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Coronavirus: Outbreak at Markham group home for adults with disabilities turns deadly

Participation House in Markham.
Participation House in Markham. Kamil Karamali / Global News

A massive COVID-19 outbreak that’s sickened all but five residents of an Ontario group home for adults with disabilities has now turned deadly.

The family of resident Martin Frogley says he died in a Markham, Ont., hospital early Wednesday morning.

A family statement says he “passed peacefully” listening to music he loved.

READ MORE: ‘Critical’ staffing levels remain at Markham group home where most staff walked out

Frogley was one of 42 people with either a physical or intellectual disability living at Participation House, a facility where a major outbreak of the novel coronavirus has caused chaos in recent days.

Global News also learned Wednesday Patty Baird, whose family shared her story on Tuesday, also passed away.

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The Markham Stouffville Hospital, which is assisting the home, says 37 of the 42 residents have tested positive for COVID-19, and at least 13 staff are also infected.

Last week most of the employees stopped working, a situation the union representing them has now attributed to a growing number of positive tests and public health guidance that advised them to stay away from the facility.

Frogley’s family did not comment on the unfolding situation at Participation House, reflecting only on his memory while requesting privacy as they grieve his death.

“He was a wonderful son, uncle and the best brother anyone could ever ask for,” the family said in a statement.

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Coronavirus: Cases surge at Markham care home where staff walked out
Coronavirus: Cases surge at Markham care home where staff walked out

They thanked Participation House employees for what they described as “exceptional care,” as well as the hospital staff who tended to him in his final days.

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Earlier this week, Participation House Executive Director Shelley Brillinger said a resident had been taken to hospital on the weekend. She said at the time he was “holding his own,” but provided no other details.

The staffing shortage, which triggered pleas for help from municipal and provincial politicians and prompted former federal health minister Dr. Jane Philpott to start providing medical care at the home, began last week when the outbreak was first announced.

At that point, at least 10 residents and two staff members were confirmed to have tested positive for COVID-19.

Coronavirus outbreak: Ontario government announces enhanced safety measures for long-term care facilities amid COVID-19 pandemic
Coronavirus outbreak: Ontario government announces enhanced safety measures for long-term care facilities amid COVID-19 pandemic

It was widely reported that the ensuing shortage was caused by employees walking off the job, but the union representing Participation House staff says the situation was caused instead by employees following widely recommended public health advice.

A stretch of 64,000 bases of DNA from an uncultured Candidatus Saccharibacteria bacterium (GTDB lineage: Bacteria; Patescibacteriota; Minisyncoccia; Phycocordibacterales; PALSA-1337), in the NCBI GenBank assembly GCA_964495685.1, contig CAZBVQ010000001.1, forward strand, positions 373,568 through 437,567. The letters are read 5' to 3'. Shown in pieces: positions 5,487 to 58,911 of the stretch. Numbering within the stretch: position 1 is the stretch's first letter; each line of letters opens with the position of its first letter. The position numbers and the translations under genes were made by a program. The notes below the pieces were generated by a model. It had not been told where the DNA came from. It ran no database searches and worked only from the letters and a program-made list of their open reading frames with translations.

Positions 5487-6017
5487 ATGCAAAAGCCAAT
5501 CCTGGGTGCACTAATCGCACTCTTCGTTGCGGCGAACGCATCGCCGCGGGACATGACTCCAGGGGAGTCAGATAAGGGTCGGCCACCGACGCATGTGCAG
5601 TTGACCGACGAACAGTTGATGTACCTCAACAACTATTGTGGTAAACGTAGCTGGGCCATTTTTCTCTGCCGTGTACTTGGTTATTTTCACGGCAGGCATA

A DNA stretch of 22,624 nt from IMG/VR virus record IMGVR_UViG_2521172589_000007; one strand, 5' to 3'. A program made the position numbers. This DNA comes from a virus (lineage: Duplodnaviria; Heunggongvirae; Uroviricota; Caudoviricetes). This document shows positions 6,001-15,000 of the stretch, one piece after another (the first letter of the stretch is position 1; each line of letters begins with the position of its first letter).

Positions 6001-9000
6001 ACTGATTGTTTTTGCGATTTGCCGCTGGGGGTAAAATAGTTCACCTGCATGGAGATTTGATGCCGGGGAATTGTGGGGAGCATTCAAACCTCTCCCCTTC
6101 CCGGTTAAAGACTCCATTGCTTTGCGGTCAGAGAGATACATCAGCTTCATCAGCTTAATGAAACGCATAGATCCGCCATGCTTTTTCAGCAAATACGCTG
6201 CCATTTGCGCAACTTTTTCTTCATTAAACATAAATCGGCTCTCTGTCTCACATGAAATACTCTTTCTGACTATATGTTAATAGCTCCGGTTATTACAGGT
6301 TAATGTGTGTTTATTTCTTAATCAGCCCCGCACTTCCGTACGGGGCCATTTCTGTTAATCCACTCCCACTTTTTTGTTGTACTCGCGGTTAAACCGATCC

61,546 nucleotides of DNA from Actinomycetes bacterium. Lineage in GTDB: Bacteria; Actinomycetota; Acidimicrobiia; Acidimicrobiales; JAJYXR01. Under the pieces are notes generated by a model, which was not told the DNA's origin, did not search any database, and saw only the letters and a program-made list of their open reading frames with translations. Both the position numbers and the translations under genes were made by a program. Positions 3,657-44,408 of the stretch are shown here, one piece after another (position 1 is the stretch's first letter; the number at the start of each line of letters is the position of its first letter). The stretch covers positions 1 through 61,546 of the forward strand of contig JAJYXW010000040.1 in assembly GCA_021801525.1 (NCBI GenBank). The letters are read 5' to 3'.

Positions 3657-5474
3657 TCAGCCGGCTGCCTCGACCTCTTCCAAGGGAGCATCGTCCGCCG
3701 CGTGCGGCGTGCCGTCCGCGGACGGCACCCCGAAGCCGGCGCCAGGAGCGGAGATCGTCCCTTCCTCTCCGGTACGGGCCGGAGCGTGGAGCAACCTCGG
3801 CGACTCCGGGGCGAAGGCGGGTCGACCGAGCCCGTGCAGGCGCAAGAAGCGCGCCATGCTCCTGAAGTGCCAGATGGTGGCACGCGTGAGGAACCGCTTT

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Tom Galivan, secretary-treasurer of The Service Employees International Union Local Two, said the home had been experiencing staffing shortages for months prior to the pandemic. On Thursday, he said employees staff learned that positive cases had surfaced among residents and were advised to get tested immediately.

“The current staffing challenges are rooted in the fact that 30 per cent of the workforce has tested positive or is awaiting test results,” he said, noting public health officials have advised those with possible COVID-19 exposure to self-isolate at once.

Coronavirus: Family reacts after staff at Markham home for adults walk off job
Coronavirus: Family reacts after staff at Markham home for adults walk off job

Galivan said another large swath of the staff had previously been working at multiple long-term care facilities in order to make ends meet, but were advised to stay at one workplace in order to curb the spread of the virus. Premier Doug Ford announced a provincial measure to the same effect on Wednesday.

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Since last week, the outbreak has spread to 27 more residents and 11 more staff, a development the home described as “very upsetting.”

“Our hearts go out to the residents and their families as we face this challenge,” Brillinger said in a statement released on Tuesday. “I want to reassure our residents and their families that, with the support of the hospital, we are providing the care that is needed.”

The COVID-19 pandemic has taken a particularly heavy toll on long-term care homes across the country, and Ontario is no exception.

At least 98 facilities have reported outbreaks, and the 145 deaths in those homes account for nearly 40 per cent of the 385 total deaths in the province to date.

The grim situation prompted Ford to acknowledge shortcomings in the province’s long-term care system as he announced emergency measures intended to address the outbreaks in those centres.

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“There’s cracks,” Ford said after announcing additional testing and infection control measures. “We have to raise the standards…This is a wake-up call to the world, not just Ontario.”

— With files from Ryan Rocca